Shanghai rocked by protests as zero-Covid rage spreads

China has been rocked by some of its most significant acts of civil disobedience in years after vigils in Shanghai and other major cities over a deadly fire in the Xinjiang region turned into protests over Xi Jinping’s draconian zero-Covid policy.

Social media posts blamed the deaths of 10 people in Thursday’s apartment block fire in Urumqi, the capital of Xinjiang, on Covid-19 restrictions, despite denials from authorities.

On Shanghai’s Wulumu Road, named after the city of Xinjiang, hundreds of people attended a vigil late Saturday night. Videos and photos of the incident, verified by the FT, show clashes between police and protesters in the early hours of Sunday morning.

Earlier, some protesters stood on police cars and others chanted “we don’t want PCR tests”. Some shouted for the Chinese Communist Party and President Xi Jinping to “step down.”

The phrase was a direct echo of a rare protest when a poster was hung on a bridge in Beijing last month, which included a list of slogans based on the phrase “[we] we don’t want”, including “we don’t want blockades, we want freedom”.

“I know what I’m doing is very dangerous, but it’s my duty,” said one student who rushed to attend the vigil after seeing it online. Another said the event began as a quiet commemoration for the people who died in the Urumqi fire, but later “spiralled out of control.”

For nearly three years, China has tried to keep the virus at bay with strict quarantine and quarantine measures, but the policy is under enormous pressure from the growing number of cases, popular discontent and a slowing economy. On Sunday, the authorities reported the highest number of registered daily infections for the fourth day in a row, now close to 40,000.

Elsewhere on Chinese social media, footage of the protests, initially by a group of people in Urumqi on Friday night but later across the country, circulated widely but were also censored.

Footage circulating online shows students gathering for a vigil at Nanjing University of Communication, while images of a similar vigil at Wuhan University have also surfaced elsewhere.

At Peking University in Beijing, images of graffiti on stairs repeating some of the slogans from the bridge in October, including “we don’t want PCR tests, we want food,” have circulated.

One student at the university said the graffiti was partially removed early Sunday morning and a food truck was parked in front of it to block it from view.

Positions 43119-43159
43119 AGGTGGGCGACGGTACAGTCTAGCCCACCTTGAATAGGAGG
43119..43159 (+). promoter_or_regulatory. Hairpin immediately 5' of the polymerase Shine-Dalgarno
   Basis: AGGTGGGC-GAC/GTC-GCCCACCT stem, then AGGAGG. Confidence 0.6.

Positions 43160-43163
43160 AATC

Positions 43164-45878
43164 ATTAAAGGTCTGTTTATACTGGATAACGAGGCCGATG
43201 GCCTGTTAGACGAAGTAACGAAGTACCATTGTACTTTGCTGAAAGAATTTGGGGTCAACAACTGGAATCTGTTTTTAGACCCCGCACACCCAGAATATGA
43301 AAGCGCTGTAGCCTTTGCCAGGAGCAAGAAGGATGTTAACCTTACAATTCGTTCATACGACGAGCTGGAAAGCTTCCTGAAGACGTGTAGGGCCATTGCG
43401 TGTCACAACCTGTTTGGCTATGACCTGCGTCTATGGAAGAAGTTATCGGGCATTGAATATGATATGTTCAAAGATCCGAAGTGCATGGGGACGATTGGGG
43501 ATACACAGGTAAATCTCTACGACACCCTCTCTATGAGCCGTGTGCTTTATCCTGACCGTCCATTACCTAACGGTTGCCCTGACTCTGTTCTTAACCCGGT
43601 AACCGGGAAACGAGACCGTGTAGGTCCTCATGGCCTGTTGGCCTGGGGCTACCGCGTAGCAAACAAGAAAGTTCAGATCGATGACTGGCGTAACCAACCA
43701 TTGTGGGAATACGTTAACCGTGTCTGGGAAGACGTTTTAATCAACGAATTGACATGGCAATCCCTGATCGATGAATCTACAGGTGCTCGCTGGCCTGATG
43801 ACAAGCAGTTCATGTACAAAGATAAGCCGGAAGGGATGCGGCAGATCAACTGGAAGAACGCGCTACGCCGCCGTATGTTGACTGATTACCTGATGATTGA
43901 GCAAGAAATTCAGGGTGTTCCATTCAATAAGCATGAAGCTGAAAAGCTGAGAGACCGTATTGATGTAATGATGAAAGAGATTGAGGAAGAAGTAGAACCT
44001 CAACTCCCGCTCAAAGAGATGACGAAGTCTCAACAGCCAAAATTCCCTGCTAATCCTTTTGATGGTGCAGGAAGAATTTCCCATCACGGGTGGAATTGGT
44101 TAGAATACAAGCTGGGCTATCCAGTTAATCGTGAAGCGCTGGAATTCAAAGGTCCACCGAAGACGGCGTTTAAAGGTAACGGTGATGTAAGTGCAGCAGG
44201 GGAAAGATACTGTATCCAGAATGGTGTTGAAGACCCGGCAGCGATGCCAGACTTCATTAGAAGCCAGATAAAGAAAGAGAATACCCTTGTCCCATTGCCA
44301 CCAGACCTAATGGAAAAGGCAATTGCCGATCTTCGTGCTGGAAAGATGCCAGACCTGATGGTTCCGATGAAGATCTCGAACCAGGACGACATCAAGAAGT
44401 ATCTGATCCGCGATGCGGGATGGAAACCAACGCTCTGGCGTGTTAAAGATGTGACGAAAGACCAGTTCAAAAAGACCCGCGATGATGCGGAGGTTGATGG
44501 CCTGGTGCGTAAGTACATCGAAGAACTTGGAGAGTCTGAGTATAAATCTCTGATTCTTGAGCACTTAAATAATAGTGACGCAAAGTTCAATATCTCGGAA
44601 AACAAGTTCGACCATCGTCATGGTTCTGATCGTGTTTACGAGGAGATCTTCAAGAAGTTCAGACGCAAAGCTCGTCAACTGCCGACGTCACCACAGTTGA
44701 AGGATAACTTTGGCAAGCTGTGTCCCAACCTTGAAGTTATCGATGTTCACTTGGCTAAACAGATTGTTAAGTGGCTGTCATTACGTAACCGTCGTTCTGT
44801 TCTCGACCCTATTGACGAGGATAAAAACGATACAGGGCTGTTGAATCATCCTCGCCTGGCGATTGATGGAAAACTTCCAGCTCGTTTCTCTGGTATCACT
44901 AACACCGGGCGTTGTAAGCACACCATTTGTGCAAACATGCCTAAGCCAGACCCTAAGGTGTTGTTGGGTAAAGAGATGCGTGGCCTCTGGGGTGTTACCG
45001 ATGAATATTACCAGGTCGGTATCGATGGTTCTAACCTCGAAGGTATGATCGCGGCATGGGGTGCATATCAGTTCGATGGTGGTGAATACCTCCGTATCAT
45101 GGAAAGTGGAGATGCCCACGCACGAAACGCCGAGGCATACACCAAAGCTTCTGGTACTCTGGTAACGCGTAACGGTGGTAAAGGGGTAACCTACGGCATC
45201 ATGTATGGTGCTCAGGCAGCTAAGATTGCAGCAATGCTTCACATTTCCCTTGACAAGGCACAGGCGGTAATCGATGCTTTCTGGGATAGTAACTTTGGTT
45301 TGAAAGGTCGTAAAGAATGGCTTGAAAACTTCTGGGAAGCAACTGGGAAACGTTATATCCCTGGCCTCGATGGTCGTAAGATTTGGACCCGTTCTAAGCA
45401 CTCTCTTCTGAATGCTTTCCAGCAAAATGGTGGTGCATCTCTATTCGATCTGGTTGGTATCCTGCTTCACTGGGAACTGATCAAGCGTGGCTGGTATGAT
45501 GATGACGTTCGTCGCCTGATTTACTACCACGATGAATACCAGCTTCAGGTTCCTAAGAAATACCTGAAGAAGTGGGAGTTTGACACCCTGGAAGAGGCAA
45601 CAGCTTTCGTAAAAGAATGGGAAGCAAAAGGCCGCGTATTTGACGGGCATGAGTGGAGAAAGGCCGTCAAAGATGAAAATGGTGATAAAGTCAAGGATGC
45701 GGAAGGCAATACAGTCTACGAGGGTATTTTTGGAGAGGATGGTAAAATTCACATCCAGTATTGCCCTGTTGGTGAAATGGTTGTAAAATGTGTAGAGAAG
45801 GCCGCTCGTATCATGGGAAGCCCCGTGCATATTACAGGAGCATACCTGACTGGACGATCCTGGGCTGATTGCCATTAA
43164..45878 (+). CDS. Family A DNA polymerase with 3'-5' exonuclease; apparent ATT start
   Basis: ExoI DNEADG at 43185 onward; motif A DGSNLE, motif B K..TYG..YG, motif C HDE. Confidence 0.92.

Images showing protesters holding white sheets of paper to symbolize censorship have been widely circulated on social media.

One person who attended the vigil in Shanghai confirmed that there were also white pieces of paper. They said one officer told the crowd he understood how everyone was feeling, but suggested they “keep it to the bottom of their hearts”.

Sheena Chestnut Greitens, a China expert and Jeane Kirkpatrick visiting fellow at the American Enterprise Institute, said widespread unrest could “become a serious test of the tools of social control developed under Xi.”

Authorities are grappling with outbreaks of Covid in many major cities, including Guangzhou, Chongqing and Beijing. Previous outbreaks in China have been successfully contained, but have tended to occur in single cities, such as Shanghai earlier this year.

In Beijing, where restrictions have been tightened in recent days but authorities have still failed to impose a complete citywide lockdown, some residents have confronted officials over the compound’s closure to negotiate their release.

There were signs that people were calling for protests to oppose such restrictions elsewhere in China. A Shenzhen resident in his 30s told the FT that the sight of protests in Urumqi and Beijing provided “inspiration” after peaceful talks with officials to lift the blockade of their compound failed.

He said he and his neighbors gathered at the gate and shouted “free us” and the restrictions were subsequently lifted.

“We copied and pasted what the people of Beijing and Urumqi were doing and it worked,” he said.

Additional reporting by Cheng Leng in Hong Kong, Edward White in Seoul and Joe Lihi in Beijing

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